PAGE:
Ferguson grand jury decision expected today

Students spend spring break building houses for Habitat

A crane swings a roof truss in place for one of four homes being built in Winston-Salem for the Habitat for Humanity 25th Anniversary Collegiate Challenge, Tuesday, Mar. 4, 2014. (David Rolfe/Journal)

A crane swings a roof truss in place for one of four homes being built in Winston-Salem for the Habitat for Humanity 25th Anniversary Collegiate Challenge, Tuesday, Mar. 4, 2014. (David Rolfe/Journal)

WINSTON-SALEM, N.C. – Winston-Salem may be more than three hours from the nearest beach, but this week it is the spring break destination of choice for about 100 college students.

This year marks the 25th anniversary of Habitat for Humanity’s Collegiate Challenge program, and the organization selected Habitat for Humanity of Forsyth County to host the anniversary celebration.

By “celebration,” Habitat means hard work.

Students from nine colleges are dedicating their week to help build four Habitat homes in the Glenn Oaks neighborhood on Burton Street.

“I could go to the beach and have some fun, but that’s all for me,” said Bethany Rudick, a junior engineering student from Southern Polytechnic State University in Marietta, Ga.

She heard about the alternative break program and knew this would give her a chance to help people.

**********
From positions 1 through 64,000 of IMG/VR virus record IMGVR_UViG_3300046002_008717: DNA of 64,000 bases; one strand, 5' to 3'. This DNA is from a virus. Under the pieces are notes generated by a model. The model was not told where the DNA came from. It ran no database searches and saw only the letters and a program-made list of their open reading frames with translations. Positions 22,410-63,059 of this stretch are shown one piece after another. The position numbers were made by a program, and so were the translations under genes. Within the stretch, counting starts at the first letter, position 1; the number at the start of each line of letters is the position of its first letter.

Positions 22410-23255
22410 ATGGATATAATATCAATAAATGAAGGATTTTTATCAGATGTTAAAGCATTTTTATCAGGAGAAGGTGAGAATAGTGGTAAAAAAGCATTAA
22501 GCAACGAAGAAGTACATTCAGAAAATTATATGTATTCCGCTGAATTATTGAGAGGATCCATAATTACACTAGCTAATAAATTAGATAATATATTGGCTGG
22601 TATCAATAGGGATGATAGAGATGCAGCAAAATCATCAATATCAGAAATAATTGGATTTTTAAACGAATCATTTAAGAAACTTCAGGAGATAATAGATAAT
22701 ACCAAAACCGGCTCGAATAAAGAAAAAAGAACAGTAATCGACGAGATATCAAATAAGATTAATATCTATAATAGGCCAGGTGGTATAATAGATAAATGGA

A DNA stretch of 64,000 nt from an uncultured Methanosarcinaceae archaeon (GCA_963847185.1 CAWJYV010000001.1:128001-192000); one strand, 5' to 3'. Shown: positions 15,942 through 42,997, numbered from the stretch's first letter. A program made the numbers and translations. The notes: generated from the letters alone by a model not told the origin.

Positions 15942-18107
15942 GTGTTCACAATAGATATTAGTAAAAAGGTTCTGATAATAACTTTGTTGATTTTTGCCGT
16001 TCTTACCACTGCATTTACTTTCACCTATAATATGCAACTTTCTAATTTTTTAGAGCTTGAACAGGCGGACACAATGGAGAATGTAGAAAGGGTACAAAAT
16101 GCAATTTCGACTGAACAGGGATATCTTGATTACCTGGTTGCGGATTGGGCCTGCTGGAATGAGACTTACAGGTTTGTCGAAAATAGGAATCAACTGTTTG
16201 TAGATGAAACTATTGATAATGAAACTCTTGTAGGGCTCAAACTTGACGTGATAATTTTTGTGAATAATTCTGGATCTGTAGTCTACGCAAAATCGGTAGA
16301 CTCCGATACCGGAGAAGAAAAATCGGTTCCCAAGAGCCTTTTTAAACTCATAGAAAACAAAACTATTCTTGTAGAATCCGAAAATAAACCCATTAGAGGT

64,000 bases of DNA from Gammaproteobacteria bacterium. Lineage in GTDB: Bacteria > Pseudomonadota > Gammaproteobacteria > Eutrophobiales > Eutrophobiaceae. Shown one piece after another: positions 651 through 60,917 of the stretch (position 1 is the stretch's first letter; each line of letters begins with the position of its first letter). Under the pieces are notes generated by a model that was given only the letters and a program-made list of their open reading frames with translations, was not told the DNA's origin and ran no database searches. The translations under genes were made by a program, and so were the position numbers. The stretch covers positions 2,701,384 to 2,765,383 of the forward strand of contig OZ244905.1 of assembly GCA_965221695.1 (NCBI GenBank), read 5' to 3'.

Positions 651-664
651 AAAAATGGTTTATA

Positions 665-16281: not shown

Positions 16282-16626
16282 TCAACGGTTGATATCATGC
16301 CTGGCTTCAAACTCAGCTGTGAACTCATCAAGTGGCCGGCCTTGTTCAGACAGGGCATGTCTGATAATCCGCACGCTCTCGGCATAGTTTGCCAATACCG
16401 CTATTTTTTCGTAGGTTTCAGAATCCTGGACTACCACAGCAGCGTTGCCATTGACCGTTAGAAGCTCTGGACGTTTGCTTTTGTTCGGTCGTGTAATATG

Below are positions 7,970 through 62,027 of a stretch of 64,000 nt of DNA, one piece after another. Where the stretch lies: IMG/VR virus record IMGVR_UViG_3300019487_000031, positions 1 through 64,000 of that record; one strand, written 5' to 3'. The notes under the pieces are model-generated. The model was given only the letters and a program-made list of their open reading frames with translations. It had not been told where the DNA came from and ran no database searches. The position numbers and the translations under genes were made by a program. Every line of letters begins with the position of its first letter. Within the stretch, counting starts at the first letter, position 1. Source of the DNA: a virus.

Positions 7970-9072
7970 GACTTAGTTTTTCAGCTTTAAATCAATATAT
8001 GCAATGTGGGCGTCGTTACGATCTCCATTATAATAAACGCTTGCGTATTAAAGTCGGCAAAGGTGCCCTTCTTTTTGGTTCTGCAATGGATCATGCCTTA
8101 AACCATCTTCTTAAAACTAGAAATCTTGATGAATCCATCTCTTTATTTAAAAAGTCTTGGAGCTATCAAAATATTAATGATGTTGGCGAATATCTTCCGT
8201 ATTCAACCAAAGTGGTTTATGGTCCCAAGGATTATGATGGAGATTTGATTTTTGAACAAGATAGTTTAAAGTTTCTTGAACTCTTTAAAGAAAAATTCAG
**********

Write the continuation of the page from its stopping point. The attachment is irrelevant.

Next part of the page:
“It’s just beautiful to watch,” Rudick said.

Around the nation

About 100 students from Coe College, La Salle University, Villanova University, the University of Florida, St. John’s University, Susquehanna University, Vanderbilt University, Southern Polytechnic State University and the Milwaukee School of Engineering arrived in Winston-Salem on Sunday and will depart on Saturday.

Cody Logsdon, an associate director of volunteer programs for Habitat for Humanity International, said people tend to think that students want to go somewhere warm or exotic on their alternative break, but that’s not the driving factor. Students want to go wherever they can help the community.

“They want to come and really be utilized as volunteers,” she said.

Each year thousands of high school and college students spend their breaks volunteering for about 200 Habitat affiliates through the Collegiate Challenge program.

While many of these students volunteer for local chapters in their own communities, a service trip gives them a global perspective of Habitat’s work.

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